Tim Harford The Undercover Economist

Undercover EconomistUndercover Economist

My weekly column in the FT Magazine on Saturday’s, explaining the economic ideas around us every day. This column was inspired by my book and began in 2005.

Undercover Economist

Why opposites shouldn’t attract

‘While it may be natural and familiar, assortative mating also breeds inequality’

Those of you out courting next Friday, do enjoy yourselves – but with a twinge of guilt. Inequality has been rising for a generation in many places, especially the Anglophone countries. Let’s be honest: you and your romantic pursuits are part of the problem.

The issue here is something economists call “positive assortative mating”, a charming phrase that we blame on the evolutionary biologists. It describes the process of similar people pairing off with each other: beautiful people dating beautiful people, smokers dating smokers, nerds dating nerds. All perfectly natural, you might think.

While it may be natural and familiar, assortative mating also breeds inequality. Economists often look at sorting by education level, which is common and easy to measure. If the MBAs and PhDs were sprinkled randomly throughout the population that would spread the wealth around. But, of course, they tend to pair up with other MBAs and PhDs; meanwhile the high-school dropouts tend to end up with other high-school dropouts. Already prosperous people are made more prosperous yet by their marriages.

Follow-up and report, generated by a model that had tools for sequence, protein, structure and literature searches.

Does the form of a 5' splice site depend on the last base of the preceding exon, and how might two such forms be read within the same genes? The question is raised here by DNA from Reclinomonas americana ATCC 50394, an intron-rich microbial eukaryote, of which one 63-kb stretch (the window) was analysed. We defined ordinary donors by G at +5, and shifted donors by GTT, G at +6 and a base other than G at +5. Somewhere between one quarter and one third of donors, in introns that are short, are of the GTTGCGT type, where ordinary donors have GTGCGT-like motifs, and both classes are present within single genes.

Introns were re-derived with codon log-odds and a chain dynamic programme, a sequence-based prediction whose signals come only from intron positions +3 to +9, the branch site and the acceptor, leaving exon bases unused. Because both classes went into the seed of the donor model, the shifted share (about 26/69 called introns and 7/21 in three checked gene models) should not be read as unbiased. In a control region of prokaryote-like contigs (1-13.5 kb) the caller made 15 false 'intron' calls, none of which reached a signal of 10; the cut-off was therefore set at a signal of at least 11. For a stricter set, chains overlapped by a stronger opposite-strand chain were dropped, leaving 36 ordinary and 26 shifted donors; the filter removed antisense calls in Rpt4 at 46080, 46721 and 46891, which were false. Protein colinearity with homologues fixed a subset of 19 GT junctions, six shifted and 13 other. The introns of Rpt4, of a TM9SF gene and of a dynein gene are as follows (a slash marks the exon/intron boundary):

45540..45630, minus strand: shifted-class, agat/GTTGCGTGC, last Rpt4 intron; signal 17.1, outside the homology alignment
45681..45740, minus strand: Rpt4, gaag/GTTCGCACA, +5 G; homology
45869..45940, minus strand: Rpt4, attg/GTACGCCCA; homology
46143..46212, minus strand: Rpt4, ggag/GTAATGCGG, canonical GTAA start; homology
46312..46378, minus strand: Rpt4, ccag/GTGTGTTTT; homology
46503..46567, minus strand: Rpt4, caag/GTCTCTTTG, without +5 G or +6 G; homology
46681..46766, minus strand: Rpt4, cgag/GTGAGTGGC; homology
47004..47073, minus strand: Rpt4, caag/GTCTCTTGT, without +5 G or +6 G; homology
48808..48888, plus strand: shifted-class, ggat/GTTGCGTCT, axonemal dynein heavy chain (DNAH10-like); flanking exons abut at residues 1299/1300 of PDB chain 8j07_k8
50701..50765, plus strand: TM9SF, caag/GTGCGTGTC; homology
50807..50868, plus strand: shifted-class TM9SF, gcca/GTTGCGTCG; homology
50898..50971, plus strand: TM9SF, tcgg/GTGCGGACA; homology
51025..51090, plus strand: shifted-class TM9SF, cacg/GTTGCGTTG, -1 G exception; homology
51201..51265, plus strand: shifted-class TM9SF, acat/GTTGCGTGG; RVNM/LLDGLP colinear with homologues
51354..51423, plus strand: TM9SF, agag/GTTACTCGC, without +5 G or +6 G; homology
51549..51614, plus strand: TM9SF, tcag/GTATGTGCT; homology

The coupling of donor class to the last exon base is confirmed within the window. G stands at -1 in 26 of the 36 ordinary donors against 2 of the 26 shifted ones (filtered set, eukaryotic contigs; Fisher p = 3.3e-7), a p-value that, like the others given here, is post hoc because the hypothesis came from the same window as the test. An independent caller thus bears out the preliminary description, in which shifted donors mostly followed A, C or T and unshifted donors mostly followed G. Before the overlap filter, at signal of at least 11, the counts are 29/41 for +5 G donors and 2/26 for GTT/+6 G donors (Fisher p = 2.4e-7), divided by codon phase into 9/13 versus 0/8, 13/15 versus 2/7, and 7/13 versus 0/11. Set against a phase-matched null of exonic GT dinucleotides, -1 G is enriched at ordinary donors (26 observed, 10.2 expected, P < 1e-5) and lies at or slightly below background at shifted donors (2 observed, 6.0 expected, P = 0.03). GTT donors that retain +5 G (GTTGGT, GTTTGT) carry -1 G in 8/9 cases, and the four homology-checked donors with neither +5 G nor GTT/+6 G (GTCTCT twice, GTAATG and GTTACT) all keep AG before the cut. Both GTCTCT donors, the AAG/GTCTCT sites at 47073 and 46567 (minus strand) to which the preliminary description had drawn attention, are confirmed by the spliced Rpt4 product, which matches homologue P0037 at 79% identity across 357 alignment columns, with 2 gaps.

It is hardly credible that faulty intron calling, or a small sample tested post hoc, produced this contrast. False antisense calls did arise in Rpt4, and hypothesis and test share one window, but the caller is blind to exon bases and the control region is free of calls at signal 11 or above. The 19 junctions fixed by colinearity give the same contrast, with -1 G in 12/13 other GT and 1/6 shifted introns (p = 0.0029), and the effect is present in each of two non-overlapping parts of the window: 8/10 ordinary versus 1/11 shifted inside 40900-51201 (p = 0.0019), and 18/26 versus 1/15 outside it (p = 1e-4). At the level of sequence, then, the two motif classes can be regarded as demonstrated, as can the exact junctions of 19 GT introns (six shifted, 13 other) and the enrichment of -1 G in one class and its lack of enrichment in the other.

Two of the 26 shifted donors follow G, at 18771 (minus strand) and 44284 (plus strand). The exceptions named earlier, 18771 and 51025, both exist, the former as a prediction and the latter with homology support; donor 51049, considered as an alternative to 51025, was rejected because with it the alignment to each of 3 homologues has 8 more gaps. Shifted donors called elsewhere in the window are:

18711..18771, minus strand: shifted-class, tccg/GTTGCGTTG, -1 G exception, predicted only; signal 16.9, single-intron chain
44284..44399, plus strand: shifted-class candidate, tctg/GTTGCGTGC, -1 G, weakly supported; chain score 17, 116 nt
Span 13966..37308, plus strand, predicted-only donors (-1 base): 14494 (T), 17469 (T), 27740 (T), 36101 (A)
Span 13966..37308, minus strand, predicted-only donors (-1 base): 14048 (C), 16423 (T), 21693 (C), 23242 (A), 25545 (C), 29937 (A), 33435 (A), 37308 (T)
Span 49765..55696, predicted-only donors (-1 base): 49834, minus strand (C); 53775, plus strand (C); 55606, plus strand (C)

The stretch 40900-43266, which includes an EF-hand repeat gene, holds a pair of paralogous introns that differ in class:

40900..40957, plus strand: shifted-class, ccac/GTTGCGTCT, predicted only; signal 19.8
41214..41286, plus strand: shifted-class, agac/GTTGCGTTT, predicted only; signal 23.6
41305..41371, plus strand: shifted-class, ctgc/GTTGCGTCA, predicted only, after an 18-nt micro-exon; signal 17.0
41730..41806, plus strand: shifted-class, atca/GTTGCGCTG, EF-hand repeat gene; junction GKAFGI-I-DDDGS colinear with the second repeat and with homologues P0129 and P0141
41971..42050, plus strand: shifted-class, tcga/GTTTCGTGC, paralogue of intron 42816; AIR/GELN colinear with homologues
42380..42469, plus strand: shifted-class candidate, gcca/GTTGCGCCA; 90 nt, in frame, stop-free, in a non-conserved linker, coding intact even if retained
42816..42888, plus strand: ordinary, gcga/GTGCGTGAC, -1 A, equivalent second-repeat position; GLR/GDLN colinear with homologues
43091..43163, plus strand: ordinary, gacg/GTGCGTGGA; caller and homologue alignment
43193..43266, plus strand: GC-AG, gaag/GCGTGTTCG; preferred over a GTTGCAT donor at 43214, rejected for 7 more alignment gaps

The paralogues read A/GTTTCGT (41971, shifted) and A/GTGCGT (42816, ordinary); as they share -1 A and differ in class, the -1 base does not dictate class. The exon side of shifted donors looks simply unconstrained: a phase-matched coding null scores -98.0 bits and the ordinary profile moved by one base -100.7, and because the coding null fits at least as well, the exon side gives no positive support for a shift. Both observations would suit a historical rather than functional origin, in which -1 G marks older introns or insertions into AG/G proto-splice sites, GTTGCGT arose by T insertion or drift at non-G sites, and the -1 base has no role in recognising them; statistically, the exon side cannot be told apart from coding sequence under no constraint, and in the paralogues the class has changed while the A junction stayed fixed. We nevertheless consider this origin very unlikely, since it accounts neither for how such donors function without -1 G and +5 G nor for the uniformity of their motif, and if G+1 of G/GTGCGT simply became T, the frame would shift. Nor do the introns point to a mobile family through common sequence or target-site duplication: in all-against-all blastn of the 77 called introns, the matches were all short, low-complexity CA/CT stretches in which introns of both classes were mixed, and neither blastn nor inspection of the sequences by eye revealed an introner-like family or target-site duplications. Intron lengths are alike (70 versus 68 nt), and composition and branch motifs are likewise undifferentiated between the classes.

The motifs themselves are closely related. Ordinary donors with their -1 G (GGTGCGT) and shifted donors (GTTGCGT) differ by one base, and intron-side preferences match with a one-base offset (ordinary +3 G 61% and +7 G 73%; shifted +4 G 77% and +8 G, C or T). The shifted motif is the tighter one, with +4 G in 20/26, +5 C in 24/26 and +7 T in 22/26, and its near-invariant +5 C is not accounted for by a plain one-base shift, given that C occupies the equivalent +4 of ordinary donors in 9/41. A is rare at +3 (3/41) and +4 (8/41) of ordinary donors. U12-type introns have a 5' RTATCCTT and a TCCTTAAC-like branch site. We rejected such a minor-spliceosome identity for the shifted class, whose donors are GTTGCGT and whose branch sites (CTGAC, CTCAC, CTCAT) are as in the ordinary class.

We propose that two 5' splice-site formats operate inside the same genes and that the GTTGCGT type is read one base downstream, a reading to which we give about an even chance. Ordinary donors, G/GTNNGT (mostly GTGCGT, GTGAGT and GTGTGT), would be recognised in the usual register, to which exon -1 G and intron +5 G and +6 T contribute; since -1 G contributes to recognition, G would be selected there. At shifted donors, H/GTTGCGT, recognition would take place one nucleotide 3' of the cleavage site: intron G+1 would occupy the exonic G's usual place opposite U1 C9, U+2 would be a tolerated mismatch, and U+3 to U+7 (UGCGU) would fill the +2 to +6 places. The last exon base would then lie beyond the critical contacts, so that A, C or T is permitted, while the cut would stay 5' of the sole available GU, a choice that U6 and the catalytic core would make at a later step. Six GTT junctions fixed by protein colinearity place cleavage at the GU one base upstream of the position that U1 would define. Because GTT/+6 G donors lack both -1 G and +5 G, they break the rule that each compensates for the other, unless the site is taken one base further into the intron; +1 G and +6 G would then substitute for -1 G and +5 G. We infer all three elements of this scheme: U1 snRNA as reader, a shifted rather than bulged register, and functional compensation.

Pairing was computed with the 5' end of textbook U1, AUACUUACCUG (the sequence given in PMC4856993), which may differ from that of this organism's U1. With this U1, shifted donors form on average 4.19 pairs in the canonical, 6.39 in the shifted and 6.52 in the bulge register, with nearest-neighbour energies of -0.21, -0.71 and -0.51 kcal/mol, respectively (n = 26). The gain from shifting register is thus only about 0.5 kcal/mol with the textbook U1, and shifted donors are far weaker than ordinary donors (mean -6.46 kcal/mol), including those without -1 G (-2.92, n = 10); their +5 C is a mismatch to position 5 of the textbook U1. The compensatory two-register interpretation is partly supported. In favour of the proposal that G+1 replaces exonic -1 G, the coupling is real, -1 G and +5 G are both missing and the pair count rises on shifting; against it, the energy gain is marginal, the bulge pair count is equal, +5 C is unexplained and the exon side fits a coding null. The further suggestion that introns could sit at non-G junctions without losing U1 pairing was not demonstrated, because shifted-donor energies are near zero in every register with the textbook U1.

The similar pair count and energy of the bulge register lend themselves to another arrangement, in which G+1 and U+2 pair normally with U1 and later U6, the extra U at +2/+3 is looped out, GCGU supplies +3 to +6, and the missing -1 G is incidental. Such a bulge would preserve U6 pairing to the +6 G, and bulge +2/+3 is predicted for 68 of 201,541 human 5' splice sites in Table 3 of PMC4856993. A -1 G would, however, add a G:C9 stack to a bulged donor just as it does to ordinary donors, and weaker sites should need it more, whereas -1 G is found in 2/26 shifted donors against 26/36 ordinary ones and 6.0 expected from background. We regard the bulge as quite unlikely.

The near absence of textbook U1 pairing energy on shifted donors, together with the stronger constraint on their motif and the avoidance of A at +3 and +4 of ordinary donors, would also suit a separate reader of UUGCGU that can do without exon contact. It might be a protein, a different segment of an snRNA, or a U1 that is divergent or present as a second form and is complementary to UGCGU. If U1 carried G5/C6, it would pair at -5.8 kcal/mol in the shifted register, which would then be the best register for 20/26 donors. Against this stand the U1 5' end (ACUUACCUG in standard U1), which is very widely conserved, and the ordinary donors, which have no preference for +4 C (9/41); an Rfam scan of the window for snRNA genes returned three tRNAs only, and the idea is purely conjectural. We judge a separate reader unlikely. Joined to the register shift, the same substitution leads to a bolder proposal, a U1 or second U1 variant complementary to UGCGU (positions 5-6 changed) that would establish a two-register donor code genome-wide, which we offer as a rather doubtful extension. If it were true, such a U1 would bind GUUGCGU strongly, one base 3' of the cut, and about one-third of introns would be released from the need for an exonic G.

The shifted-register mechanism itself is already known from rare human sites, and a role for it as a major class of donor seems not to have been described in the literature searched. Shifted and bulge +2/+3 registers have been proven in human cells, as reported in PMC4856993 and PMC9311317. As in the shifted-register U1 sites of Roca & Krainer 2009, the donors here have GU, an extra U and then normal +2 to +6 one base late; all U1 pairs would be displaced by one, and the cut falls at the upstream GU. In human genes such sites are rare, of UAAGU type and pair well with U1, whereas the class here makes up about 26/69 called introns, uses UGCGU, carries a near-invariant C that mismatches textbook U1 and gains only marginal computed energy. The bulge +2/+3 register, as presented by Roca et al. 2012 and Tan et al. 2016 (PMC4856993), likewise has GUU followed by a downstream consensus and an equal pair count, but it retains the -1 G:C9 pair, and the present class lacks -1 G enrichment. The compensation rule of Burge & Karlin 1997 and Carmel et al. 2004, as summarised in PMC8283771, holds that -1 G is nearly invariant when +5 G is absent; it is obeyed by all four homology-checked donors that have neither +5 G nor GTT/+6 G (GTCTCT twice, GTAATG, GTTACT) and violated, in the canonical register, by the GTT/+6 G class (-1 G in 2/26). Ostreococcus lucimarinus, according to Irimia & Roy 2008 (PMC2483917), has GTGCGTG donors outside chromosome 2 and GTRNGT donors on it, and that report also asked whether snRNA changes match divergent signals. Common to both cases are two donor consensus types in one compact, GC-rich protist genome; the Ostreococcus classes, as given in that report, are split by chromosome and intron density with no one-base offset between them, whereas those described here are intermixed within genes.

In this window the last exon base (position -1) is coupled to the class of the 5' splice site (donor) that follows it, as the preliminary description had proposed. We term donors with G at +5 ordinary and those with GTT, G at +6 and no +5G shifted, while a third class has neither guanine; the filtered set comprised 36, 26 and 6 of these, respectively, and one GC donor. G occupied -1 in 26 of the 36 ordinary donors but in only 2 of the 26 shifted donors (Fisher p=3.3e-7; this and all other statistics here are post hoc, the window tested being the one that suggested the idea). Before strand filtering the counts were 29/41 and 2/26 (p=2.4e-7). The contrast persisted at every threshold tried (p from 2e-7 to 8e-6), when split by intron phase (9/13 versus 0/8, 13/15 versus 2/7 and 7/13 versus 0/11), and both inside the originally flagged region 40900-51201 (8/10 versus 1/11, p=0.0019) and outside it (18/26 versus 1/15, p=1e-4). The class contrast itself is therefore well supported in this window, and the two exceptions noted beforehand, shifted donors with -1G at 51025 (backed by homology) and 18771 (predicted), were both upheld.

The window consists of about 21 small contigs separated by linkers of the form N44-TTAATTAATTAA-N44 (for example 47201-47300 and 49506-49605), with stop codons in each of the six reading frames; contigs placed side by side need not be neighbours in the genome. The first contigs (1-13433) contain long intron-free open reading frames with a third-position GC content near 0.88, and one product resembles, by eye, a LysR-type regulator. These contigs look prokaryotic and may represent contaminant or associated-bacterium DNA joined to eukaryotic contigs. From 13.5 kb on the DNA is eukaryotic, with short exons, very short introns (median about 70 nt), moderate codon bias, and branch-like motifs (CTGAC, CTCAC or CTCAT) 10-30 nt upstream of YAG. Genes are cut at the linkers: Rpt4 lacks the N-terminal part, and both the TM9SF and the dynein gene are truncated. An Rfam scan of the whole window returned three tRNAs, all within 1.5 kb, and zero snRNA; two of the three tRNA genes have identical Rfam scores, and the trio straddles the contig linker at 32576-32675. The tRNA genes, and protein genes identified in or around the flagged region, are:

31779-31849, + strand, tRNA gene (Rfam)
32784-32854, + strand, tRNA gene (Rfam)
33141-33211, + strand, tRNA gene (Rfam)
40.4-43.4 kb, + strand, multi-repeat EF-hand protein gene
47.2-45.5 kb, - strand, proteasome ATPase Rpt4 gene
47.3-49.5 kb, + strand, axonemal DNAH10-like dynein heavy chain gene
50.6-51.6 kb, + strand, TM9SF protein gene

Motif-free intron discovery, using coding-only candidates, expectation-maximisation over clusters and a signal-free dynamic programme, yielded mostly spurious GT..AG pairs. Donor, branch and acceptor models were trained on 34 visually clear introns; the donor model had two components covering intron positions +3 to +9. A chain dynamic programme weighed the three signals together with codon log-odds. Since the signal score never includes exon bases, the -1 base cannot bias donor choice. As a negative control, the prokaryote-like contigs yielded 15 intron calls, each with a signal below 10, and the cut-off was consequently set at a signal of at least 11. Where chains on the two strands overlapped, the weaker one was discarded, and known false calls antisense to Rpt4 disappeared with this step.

This is an interesting idea in theory but does it have any practical significance? A recent paper by Jeremy Greenwood and others looks at a large data set from the US Census Bureau through the lens of the Gini coefficient, which is a measure of inequality. It’s 63 in highly unequal South Africa, 40 in the UK and 23 in egalitarian Sweden. It’s 43 in the US Census data set; but if the couples in the data set were randomly paired off, the Gini coefficient would be a mere 34. Assortative mating increases inequality.